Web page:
Curious all about RESPs? We’ve got some answers!
As a parent, it’s important to prepare for when your child transitions to college in Canada. Apart from being an emotional process, higher education can also be an expensive endeavour. On average, Canadian parents could spend up to CA$6,400 per year just on tuition to finance the undergraduate learning of their child.
Student loans could leave your child in debt once they graduate from college. Fortunately, a student loan is not your only option to finance your child’s dreams. There’s also a Registered Education Savings Plan (RESP) to consider. When contemplating student loans vs RESPs, it’s important to know what an RESP is exactly, and the benefits it provides you and your future graduate.
What Is an RESP?
If you want your child to attend the best college or university without having to worry over finances, opening up an RESP helps. It allows parents to simply save money for their child’s post-secondary education on a monthly basis. Your contributions can go towards funding tuition, allowances, transportation, and everything else your child needs in their years of post-secondary education. On top of being a savings plan, an RESP can also provide you with the following advantages:
It leads to greater financial flexibility
You may already be struggling with utility bills, taxes and other necessary expenditures. All of which will affect your plans to save for a quality post-secondary education. You can make big or small contributions and get massive gains in the form of cumulative earnings.
On top of that, you also get a government grant (known as the Canadian Education Savings Grant) of up to CA$500 per year if you contribute a full CA$2,500 annually to your child’s plan. You can max this out within 14.4 years to get the full lifetime value of $7,200. This will make a big difference once your child makes the transition to post-secondary by the age of 18.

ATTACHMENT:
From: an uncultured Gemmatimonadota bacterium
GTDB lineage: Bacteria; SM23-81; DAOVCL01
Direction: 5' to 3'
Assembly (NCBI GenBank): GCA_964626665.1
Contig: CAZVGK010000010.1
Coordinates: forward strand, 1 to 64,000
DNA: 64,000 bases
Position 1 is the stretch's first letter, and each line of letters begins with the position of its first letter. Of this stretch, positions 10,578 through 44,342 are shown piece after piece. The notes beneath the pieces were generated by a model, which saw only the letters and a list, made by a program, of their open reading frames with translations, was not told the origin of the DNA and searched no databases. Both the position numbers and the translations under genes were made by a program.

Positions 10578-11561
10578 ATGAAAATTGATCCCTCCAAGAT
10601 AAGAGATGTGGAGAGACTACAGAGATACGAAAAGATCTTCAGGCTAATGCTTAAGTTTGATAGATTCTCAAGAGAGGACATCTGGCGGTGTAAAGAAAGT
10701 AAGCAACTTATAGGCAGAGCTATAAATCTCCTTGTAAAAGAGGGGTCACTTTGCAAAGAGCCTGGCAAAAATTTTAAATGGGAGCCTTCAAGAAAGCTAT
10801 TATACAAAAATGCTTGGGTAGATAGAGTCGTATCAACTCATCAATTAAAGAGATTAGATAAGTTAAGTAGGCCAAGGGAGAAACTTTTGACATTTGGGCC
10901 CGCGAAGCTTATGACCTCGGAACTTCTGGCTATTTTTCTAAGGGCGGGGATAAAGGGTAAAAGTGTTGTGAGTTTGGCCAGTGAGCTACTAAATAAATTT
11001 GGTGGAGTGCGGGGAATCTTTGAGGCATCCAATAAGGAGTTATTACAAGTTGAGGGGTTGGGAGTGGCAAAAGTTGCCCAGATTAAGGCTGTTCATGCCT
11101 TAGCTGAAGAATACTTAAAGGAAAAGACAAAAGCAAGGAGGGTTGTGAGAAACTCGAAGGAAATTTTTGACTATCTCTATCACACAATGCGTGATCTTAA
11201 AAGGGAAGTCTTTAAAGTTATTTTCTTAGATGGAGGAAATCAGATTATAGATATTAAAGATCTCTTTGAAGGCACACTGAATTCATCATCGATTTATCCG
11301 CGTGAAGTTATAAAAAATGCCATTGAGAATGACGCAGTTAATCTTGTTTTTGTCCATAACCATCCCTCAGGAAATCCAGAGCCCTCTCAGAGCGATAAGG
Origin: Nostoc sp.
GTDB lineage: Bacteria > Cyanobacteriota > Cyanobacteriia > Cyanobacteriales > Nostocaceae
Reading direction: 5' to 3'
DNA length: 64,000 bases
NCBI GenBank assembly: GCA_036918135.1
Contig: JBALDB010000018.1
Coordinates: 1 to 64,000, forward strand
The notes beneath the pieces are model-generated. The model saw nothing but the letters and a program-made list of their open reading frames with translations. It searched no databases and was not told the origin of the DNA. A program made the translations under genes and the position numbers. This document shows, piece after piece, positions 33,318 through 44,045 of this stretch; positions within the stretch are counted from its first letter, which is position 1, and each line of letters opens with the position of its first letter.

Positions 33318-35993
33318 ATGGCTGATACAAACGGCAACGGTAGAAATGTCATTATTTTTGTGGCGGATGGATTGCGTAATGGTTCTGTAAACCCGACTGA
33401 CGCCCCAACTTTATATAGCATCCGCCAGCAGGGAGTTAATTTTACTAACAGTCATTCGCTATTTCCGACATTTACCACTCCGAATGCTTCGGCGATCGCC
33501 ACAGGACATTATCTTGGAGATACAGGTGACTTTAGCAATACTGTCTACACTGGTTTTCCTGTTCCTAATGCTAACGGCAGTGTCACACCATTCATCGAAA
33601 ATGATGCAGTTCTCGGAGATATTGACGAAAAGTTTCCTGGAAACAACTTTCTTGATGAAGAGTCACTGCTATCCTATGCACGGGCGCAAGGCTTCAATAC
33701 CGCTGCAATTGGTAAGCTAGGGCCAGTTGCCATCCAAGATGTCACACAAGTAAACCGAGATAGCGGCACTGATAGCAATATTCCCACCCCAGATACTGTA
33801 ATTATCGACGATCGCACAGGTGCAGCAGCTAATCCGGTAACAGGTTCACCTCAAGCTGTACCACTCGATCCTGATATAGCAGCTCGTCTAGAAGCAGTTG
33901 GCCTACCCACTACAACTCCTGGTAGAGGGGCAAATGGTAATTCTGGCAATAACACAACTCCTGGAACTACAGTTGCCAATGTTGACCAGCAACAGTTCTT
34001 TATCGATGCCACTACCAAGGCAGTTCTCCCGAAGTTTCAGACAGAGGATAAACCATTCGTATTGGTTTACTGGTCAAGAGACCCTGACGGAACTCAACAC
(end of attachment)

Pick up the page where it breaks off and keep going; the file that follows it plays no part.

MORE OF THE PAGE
It gives tax benefits
Another good reason to open up an RESP is that you can earn from it tax-free when you make contributions and can only be taxed once you withdraw funds from the plan. Additionally, you can still recover any remaining income tax-free if your child finishes college or decides not to pursue a college education.
It allows multiple people to contribute
Parents are not the only ones who are responsible for contributing to a child’s RESP. As a matter of fact, anyone can contribute to an RESP for a single child. You should take note that contributions from different subscribers across multiple plans are combined and capped at CA$50,000 per beneficiary. Nonetheless, having multiple subscribers can lighten the load.
As the cost of living continues to rise and a college or university degree becomes more expensive, learning all about RESPs can make a big difference to your future, and your child’s future. Be financially savvy and make saving simple with an RESP!